Barnes beats buzzer to sink Hurricanes

CORAL GABLES, Fla. - It might be officially time to start calling him Big Shot Barnes.
All night Miami was the team making shots from 3-point range, but North Carolina freshman Harrison Barnes hit one when it really counted.
With 6.6 seconds to go, Barnes beat the shot-clock buzzer with a contested 3-pointer from the corner to give the Tar Heels a 74-71 win, their seventh in a row against the Hurricanes.
The shot reaffirmed that late-game heroics are definitely in the freshman's repertoire.
"Everyone wants to take it, but he's not afraid to take it, and he feels like he's going to make it all the time," UNC coach Roy Williams said. "That's a huge quality for a youngster to have."
Originally, Williams wanted the Tar Heels (14-5, 4-1 in the ACC) to get to the basket with their last possession.
"We screwed it up," he said. "I wanted us to attack, and we're out there pussyfooting around with the basketball."
Williams credited point guard Kendall Marshall for salvaging the mess the possession had become.
With seconds quickly vanishing from the shot clock, Marshall made a desperate penetrating move and got caught in the air only to flip the ball over to Barnes at the last second.
"Somehow it got there," Barnes said.
Despite the frantic sequence that set it up, Barnes knocked down the game-winner coolly, the same way he bagged a fade-away jumper with a little more than a minute left to tie the game at 71.
That late-game stoicism when taking what should be nerve-wracking shots has become a habit for him, even when he can't get anything going early in the game.
In Carolina's win against Virginia Tech on Jan. 13, Barnes started cold but scored 8 of his 12 points in the final 3 ½ minutes.
In this win, Barnes had missed 7 of 10 shots prior to the game-winning three.
In ACC games coming into this matchup, the freshman had hit just 3 of 11 3-point attempts.
But none of those numbers mattered to him with the game on the line.
"You can't look at the last few minutes and compare it to the rest of the game," Barnes said. "Either you make that shot, or you don't."
Barnes has been criticized periodically throughout the season for not living up to the outrageous hype that heralded his arrival to college basketball.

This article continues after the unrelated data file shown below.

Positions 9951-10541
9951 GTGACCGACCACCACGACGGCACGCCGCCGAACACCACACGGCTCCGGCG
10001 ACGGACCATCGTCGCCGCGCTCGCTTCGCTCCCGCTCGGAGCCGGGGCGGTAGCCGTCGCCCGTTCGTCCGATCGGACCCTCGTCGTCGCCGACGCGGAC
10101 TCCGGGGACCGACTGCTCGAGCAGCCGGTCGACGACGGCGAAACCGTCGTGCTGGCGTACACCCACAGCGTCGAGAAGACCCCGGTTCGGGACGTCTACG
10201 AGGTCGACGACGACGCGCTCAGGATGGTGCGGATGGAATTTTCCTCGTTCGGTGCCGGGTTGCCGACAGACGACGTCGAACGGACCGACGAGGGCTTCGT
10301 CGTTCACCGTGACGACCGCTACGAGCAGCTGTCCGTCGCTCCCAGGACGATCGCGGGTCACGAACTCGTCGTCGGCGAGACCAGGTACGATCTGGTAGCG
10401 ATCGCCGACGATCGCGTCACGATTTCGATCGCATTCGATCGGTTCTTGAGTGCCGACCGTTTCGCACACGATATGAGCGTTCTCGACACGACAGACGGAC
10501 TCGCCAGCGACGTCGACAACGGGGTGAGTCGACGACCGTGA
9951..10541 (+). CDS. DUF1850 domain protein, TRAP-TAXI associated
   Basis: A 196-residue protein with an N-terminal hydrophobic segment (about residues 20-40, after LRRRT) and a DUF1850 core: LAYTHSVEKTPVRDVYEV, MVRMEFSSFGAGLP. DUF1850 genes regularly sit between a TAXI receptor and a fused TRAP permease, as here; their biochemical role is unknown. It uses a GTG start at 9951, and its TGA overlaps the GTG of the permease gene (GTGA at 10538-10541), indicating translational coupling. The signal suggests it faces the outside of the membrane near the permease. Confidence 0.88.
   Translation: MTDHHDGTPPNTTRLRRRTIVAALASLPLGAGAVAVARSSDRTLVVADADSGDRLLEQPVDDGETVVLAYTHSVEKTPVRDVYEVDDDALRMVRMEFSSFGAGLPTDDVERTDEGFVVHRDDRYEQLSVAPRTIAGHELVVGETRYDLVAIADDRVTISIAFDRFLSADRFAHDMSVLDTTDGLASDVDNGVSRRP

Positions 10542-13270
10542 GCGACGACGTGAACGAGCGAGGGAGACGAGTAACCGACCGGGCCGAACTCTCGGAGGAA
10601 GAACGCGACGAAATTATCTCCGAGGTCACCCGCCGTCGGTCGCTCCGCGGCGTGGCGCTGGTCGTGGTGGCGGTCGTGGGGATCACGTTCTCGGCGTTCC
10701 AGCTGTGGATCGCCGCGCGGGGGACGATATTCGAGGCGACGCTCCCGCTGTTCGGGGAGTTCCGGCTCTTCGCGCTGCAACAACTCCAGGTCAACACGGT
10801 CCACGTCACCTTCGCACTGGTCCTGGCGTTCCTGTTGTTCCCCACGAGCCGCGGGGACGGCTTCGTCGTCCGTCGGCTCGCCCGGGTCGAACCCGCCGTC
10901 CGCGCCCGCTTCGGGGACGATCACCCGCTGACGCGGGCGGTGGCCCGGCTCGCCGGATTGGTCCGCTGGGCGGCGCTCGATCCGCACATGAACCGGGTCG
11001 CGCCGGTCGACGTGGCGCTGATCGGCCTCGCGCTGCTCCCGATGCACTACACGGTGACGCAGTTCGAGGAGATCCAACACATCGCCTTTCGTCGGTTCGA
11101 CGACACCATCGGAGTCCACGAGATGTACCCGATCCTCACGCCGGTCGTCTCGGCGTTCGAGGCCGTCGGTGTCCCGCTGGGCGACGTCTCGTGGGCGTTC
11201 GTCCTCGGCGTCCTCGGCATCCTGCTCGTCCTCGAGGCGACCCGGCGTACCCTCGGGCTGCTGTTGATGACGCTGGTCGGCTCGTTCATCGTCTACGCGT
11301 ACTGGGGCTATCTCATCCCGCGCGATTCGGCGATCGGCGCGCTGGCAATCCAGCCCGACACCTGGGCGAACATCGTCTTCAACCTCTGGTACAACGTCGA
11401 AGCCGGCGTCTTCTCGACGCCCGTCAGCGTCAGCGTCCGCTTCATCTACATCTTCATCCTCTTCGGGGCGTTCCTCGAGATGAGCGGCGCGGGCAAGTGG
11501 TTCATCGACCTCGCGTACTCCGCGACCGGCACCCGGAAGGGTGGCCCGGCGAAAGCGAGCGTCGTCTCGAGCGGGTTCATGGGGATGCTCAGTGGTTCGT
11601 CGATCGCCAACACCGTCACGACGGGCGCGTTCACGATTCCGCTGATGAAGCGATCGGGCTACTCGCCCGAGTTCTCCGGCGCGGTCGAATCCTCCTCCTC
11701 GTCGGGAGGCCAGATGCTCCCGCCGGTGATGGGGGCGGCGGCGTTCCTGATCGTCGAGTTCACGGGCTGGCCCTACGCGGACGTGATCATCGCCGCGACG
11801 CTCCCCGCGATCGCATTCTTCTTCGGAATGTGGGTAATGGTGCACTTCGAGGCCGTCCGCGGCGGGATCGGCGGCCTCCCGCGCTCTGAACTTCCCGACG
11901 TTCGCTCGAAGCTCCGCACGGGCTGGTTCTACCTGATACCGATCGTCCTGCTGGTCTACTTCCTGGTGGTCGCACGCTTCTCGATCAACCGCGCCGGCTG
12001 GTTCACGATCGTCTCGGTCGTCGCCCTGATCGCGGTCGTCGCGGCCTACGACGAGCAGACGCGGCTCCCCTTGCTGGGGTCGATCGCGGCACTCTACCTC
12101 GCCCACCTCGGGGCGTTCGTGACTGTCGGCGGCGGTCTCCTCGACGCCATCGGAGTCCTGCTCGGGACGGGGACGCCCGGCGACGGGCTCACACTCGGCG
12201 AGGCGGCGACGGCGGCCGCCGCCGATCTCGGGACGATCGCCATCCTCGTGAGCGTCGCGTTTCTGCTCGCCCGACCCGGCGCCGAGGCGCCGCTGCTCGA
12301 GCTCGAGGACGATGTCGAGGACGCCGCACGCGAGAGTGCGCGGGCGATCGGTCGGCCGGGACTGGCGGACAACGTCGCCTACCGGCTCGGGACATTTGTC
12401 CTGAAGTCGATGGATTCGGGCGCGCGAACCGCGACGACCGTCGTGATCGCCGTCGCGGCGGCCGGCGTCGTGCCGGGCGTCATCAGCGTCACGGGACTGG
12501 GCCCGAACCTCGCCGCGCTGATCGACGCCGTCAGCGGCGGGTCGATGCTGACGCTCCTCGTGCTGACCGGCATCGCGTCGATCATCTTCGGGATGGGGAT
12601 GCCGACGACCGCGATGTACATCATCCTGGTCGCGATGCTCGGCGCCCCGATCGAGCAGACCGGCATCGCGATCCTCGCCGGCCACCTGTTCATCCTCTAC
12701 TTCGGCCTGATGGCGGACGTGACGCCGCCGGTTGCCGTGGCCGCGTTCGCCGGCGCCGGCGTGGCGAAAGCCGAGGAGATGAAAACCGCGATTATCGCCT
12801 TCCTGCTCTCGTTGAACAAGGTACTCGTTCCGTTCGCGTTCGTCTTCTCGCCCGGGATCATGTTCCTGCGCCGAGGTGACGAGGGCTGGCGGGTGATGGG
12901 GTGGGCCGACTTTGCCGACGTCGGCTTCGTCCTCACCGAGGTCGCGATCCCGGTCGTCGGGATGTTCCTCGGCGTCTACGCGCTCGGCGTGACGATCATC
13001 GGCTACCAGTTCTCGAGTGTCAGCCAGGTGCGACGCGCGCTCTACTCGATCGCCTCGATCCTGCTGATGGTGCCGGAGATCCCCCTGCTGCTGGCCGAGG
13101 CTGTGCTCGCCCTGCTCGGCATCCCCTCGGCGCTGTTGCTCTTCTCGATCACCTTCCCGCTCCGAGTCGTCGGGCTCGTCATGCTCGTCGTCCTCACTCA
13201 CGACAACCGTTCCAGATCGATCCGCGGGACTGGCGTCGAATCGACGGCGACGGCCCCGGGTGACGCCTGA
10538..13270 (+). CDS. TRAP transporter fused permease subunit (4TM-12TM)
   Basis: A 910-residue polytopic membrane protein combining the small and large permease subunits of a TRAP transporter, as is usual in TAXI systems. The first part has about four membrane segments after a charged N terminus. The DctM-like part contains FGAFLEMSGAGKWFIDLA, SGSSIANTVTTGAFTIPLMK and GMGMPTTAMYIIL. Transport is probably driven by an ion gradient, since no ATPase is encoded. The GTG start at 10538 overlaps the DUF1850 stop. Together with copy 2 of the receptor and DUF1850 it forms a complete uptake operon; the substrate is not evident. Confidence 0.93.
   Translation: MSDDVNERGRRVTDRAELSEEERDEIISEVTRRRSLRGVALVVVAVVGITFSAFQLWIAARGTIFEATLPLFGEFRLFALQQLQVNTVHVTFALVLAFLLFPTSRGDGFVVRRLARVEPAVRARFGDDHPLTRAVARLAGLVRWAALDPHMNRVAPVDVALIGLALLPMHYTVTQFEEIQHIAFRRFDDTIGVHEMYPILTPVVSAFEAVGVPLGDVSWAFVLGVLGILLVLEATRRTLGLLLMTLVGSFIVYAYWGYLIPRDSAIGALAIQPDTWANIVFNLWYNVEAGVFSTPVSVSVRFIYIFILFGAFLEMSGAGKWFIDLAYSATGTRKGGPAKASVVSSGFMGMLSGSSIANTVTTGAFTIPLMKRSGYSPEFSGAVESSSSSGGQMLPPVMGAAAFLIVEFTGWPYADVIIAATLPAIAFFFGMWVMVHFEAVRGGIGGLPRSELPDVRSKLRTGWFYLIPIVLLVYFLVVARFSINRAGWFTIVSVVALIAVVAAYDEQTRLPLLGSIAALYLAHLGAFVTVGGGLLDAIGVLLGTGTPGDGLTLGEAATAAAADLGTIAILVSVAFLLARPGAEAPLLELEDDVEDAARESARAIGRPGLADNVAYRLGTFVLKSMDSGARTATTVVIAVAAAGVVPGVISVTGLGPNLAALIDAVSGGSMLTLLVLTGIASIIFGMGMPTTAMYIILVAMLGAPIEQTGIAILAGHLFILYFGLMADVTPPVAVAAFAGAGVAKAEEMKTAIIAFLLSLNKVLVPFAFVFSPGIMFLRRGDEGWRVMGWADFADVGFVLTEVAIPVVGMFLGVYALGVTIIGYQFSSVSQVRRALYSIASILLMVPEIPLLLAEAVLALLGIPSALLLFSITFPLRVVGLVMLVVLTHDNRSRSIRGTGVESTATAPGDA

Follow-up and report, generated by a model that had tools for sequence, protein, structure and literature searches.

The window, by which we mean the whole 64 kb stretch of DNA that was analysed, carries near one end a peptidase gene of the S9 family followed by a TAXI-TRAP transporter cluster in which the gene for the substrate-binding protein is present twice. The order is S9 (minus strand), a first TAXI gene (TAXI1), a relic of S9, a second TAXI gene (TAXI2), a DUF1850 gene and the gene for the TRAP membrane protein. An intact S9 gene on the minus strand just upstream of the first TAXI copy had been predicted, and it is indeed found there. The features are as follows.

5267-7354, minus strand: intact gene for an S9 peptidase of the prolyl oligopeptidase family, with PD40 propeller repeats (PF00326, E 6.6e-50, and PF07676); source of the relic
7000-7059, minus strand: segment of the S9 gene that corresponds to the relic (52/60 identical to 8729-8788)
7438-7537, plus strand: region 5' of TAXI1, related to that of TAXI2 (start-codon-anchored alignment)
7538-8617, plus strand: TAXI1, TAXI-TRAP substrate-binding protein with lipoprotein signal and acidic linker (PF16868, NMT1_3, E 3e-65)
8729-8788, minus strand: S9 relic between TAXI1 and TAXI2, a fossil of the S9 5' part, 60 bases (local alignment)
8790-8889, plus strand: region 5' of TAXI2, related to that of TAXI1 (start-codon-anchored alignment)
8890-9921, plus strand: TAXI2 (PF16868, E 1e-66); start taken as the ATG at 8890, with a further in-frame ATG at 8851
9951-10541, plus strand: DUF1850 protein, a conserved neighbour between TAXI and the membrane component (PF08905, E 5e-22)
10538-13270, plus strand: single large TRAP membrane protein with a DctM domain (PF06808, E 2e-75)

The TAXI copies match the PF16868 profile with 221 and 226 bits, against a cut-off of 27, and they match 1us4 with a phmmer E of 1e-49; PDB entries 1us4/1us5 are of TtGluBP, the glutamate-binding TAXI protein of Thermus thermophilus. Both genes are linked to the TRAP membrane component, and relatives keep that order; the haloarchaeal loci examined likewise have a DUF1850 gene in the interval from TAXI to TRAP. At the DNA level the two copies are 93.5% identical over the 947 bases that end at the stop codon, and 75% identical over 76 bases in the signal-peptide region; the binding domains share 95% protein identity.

The Miami fans took their obligatory shot at him with the standard chant of "overrated" in the first half.
While he generally shrugs off the shouts of rival fans, Barnes admitted he enjoys combating all the talk about his game with a well-timed shot or two, like he had against the Hurricanes.
"If you get the win, there's not much people can say," Barnes said. "They can criticize my percentage, how many shots I shot, how many I missed, but at the end of the day, we won the game, so there's not much to be said."
Before Barnes hit the most memorable 3-pointer of the game, the Hurricanes piled up plenty of their own.
Miami (12-8, 1-5) hit 13 3-pointers in the game, including eight in the first half, when it looked like the Tar Heels' week-long layoff between games might have left them as rusty as they were rested.
Miami hit four straight 3-pointers to spark a 16-0 run that put Carolina in an 18-4 hole seven minutes into the game.
"They made so many threes, every time I looked up, I thought they were making a 3-point shot," Williams said.
But UNC eventually woke up with a 15-3 burst of its own to cut Miami's lead to two late in the first half.
The Tar Heels even ended up tied 39-39 at halftime.
How did that happen?
How else?
It was Barnes then, too, hitting a 3-pointer with five seconds to go to send the Heels to the locker room with momentum.
Just one big shot that was prelude to a bigger one.
"He's a special kind of player," Marshall said. "He wants the ball in crunch time. He wants to make that big play."